Internal Documents Reveal Facebook’s Policy on Sex and Nudity in Art

Botticelli’s The Birth of Venus. Wikimedia Commons

In a series of documents from Facebook published by The Guardian on May 21, which the publication is calling the Facebook Files, new insight has been revealed on the social media giant’s policies regarding the posting of art which depicts sex and nudity. In recent years, several instances of censorship by Facebook moderators have made headlines, from the removal of Evelyne Axell’s 1964 pop art painting Ice Cream from the Philadelphia Museum of Art’s official page to a picture of Copenhagen’s Little Mermaid statue (a popular tourist attraction) posted by Danish politician Mette Gjerskov. “It’s a metaphor for sexuality, and yet that seems to be even more uncomfortable than a literal image of a naked body,” Philadelphia Museum of Art exhibition curator Erica Battle told the Observer on Facebook’s decision to remove Axell’s painting. (See our previous reporting on the incident here.) Such instances of image removal on Facebook have sparked questions about the social media platform’s ability to discern explicit material with artistic value.

Facebook explains its “Policy Update” on “Digital Nudity/Real World Art” in a statement, as per the “leaked” documents published by the Guardian, by saying: “We allow nudity when it is depicted in art like paintings, sculptures, and drawings. We do not allow digitally created nudity or sexual activity. We drew this line so that we could remove a lot of very sexual digital nudity, but it also covers an increasing amount of non-sexual digitally made art. The current line is also difficult to enforce because it is hard to differentiate between handmade art and digitally made depictions.”

An area which has remained somewhat nebulous are depictions of child nudity. The Guardian’s documents state that “Posting photographs of real world art that depicts child nudity” is allowed. However, in 2016 Facebook removed Nick Ut’s Pulitzer prize-winning Vietnam war photograph The Terror of War, which shows nude children running from a napalm attack. The social media site eventually reversed its decision, but still bans imagery of “child nudity in the context of the Holocaust,” according to the Guardian’s supplementary explainer on the Facebook File trove.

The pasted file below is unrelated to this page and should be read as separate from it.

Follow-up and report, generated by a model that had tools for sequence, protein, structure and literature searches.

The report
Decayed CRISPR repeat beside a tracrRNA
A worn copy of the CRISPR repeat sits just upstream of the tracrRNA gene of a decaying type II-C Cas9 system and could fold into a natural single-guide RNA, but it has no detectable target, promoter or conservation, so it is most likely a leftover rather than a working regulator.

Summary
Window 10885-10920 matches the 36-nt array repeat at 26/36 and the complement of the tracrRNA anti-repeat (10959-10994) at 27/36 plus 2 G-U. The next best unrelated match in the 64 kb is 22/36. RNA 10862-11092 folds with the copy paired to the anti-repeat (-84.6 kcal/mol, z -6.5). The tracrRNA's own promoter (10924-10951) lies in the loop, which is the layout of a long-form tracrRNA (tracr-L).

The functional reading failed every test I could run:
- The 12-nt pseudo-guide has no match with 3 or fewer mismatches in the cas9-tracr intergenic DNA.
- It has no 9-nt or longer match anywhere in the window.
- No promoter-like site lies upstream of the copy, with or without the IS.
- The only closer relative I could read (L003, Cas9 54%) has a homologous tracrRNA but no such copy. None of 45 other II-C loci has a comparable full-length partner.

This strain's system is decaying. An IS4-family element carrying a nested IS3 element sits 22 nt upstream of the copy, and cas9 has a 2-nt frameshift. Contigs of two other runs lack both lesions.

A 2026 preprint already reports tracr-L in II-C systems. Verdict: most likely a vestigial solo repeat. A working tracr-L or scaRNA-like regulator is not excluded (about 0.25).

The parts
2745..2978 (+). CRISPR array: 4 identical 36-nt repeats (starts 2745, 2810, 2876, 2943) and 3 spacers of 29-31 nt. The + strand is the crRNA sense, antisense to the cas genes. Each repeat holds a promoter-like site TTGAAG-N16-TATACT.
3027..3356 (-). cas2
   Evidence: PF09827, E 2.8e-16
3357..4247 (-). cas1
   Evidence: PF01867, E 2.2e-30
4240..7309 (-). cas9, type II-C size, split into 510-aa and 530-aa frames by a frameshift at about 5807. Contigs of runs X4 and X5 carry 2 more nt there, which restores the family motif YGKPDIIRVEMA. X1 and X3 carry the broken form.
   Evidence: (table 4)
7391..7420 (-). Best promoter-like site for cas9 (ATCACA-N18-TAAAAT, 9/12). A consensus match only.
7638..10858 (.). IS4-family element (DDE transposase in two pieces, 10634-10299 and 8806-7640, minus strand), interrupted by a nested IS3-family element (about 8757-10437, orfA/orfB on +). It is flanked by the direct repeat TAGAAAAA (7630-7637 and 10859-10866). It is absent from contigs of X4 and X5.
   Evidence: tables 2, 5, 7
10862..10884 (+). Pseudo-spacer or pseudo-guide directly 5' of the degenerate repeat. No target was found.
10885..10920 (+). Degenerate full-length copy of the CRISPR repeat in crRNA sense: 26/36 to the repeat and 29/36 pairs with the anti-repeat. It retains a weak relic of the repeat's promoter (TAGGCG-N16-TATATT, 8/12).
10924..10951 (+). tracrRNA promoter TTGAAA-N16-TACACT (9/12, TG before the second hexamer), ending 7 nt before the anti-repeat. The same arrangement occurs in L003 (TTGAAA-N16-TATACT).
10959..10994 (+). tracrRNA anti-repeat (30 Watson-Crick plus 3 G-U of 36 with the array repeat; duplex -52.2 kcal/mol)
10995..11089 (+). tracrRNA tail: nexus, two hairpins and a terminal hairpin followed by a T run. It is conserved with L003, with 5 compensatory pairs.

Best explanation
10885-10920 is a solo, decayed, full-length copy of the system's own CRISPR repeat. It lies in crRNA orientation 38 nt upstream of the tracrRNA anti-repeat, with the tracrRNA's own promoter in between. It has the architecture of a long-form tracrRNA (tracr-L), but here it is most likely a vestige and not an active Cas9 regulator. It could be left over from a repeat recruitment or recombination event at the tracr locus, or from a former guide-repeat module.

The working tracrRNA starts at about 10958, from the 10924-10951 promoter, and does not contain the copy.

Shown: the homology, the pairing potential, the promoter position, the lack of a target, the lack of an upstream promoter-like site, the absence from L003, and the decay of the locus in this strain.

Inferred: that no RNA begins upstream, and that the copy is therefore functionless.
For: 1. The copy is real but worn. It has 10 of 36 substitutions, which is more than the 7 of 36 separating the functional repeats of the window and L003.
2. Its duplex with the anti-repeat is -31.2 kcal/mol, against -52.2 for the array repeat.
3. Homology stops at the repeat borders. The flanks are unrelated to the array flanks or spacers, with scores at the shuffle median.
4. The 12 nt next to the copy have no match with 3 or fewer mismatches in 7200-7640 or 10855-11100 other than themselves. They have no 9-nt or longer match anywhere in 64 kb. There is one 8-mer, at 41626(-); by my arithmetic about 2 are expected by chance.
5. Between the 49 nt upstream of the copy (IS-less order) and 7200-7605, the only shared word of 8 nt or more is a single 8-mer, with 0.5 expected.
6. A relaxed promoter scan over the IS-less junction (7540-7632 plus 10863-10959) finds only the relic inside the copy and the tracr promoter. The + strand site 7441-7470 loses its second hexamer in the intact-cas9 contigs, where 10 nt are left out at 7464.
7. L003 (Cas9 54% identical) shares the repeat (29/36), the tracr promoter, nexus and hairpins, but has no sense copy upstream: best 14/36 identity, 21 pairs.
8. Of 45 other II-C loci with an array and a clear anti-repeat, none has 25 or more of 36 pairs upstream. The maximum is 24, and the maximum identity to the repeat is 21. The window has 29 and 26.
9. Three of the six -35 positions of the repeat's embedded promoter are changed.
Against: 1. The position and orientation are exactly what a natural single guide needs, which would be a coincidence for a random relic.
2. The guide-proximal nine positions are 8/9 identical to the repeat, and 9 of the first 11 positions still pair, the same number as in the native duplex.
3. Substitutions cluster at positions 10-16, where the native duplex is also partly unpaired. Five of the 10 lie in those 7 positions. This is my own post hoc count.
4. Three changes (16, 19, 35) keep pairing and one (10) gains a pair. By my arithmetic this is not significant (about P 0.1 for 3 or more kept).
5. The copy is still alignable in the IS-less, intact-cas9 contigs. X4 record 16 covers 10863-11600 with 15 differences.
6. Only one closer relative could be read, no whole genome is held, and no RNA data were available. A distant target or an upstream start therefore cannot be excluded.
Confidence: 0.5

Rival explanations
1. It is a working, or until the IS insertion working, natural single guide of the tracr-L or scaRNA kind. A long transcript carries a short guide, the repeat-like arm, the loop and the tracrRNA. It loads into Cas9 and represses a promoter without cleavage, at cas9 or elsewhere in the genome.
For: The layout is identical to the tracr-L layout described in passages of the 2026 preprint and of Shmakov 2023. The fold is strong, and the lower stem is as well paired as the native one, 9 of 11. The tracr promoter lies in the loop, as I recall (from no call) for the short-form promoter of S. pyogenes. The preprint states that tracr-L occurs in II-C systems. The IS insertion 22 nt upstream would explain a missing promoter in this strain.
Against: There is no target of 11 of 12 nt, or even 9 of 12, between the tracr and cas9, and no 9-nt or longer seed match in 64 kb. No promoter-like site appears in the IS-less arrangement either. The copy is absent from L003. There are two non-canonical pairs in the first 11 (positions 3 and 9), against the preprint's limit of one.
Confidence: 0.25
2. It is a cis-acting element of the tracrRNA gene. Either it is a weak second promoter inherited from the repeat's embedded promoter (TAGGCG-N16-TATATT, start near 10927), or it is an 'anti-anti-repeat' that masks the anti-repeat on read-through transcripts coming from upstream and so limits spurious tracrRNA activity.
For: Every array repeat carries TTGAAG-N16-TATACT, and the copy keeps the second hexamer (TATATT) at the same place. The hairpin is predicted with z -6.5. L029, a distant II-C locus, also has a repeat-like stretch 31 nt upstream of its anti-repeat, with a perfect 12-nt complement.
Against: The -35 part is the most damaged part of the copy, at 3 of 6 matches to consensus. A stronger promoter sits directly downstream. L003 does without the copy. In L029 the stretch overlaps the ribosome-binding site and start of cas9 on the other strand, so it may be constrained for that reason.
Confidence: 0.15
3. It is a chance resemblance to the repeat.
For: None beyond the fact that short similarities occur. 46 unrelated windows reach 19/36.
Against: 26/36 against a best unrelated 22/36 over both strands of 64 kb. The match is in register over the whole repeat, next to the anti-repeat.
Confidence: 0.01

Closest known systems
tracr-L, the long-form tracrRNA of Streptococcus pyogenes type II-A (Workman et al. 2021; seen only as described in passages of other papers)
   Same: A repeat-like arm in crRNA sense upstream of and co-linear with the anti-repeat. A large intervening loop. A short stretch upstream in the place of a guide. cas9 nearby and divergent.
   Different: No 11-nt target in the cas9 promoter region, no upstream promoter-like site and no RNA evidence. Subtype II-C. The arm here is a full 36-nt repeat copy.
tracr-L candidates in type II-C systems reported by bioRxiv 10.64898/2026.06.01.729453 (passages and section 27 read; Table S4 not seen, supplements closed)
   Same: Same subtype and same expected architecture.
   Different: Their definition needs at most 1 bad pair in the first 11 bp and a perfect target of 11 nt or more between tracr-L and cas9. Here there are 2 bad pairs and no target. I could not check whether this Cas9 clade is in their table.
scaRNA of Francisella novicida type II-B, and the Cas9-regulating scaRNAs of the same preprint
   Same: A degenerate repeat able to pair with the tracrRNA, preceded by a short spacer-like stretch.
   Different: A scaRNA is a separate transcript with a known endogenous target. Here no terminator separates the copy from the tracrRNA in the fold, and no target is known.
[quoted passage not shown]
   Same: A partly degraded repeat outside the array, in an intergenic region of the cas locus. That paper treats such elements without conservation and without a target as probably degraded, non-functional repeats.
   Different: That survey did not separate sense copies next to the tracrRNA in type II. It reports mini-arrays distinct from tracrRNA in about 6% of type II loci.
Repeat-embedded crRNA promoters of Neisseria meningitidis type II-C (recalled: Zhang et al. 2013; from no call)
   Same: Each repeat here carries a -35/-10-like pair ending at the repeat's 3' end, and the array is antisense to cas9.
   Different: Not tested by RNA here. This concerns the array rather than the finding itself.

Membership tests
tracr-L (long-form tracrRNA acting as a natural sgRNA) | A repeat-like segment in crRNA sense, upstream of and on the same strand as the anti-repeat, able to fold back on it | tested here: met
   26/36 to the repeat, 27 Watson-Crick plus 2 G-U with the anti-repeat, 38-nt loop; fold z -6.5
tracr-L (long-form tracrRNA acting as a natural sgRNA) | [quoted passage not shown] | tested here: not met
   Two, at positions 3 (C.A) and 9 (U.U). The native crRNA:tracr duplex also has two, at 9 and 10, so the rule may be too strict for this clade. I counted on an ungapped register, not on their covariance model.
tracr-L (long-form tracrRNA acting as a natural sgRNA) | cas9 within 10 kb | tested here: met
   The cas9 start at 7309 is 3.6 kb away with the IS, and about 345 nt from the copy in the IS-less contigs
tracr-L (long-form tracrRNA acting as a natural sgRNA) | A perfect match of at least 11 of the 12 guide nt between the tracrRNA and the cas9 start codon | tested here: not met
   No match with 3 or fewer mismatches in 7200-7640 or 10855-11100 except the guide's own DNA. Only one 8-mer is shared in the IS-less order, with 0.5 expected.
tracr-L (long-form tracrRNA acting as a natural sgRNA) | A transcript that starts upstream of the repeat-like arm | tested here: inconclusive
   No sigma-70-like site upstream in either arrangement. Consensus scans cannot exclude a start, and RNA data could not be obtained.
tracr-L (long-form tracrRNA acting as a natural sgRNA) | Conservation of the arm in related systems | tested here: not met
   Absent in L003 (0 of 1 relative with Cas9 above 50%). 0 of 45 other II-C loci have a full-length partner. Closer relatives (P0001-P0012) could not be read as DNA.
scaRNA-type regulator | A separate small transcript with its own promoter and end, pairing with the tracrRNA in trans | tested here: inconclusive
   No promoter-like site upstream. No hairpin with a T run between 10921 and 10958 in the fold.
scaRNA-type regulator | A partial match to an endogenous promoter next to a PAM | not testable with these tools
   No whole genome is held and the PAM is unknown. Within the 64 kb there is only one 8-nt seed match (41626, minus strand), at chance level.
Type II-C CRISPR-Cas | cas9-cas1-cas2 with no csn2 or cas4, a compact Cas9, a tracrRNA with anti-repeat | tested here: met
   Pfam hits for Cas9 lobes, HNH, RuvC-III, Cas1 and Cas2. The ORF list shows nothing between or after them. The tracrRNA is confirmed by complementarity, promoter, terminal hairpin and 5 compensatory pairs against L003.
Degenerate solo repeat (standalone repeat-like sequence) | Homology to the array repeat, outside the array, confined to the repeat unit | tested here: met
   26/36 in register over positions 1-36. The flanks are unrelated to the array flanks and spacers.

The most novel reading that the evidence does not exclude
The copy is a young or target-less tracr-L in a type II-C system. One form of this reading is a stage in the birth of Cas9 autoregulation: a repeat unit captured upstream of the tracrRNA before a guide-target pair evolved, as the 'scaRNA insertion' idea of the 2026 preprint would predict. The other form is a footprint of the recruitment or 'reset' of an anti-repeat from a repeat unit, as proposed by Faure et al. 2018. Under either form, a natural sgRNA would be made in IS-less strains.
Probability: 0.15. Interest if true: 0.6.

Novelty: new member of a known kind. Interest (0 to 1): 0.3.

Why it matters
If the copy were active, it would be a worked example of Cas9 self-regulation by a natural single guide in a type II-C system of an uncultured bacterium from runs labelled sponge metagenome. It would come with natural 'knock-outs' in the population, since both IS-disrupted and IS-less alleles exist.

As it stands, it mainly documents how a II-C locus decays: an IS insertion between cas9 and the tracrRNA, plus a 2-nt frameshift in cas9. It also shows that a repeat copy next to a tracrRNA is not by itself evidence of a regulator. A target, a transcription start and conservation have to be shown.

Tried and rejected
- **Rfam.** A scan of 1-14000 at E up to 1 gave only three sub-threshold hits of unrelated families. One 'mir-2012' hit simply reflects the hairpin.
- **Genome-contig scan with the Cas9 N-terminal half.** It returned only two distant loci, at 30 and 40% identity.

Facebook’s documents feature two images flagged “Remove,” both depictions of “The Rape of the Sabine Woman,” and specifically Giambologna’s 1574-82 sculpture which is currently on view to the public at the Loggia dei Lanzi adjacent to Florence’s Uffizi Gallery. The Sabine Woman’s story, which is also sometimes referred to in artistic interpretations as an “abduction,” originates in Roman mythology and has been depicted numerous times throughout art history by such notable artists as Edgar Degas, Peter Paul Rubens, Jacques-Louis David and Pablo Picasso, among others.

Monika Bickert, Facebook’s head of global policy management, said of the company’s policies in a statement provided by email to Observer: “Keeping people on Facebook safe is the most important thing we do. We work hard to make Facebook as safe as possible while enabling free speech. This requires a lot of thought into detailed and often difficult questions, and getting it right is something we take very seriously.”

Internal Documents Reveal Facebook’s Policy on Sex and Nudity in Art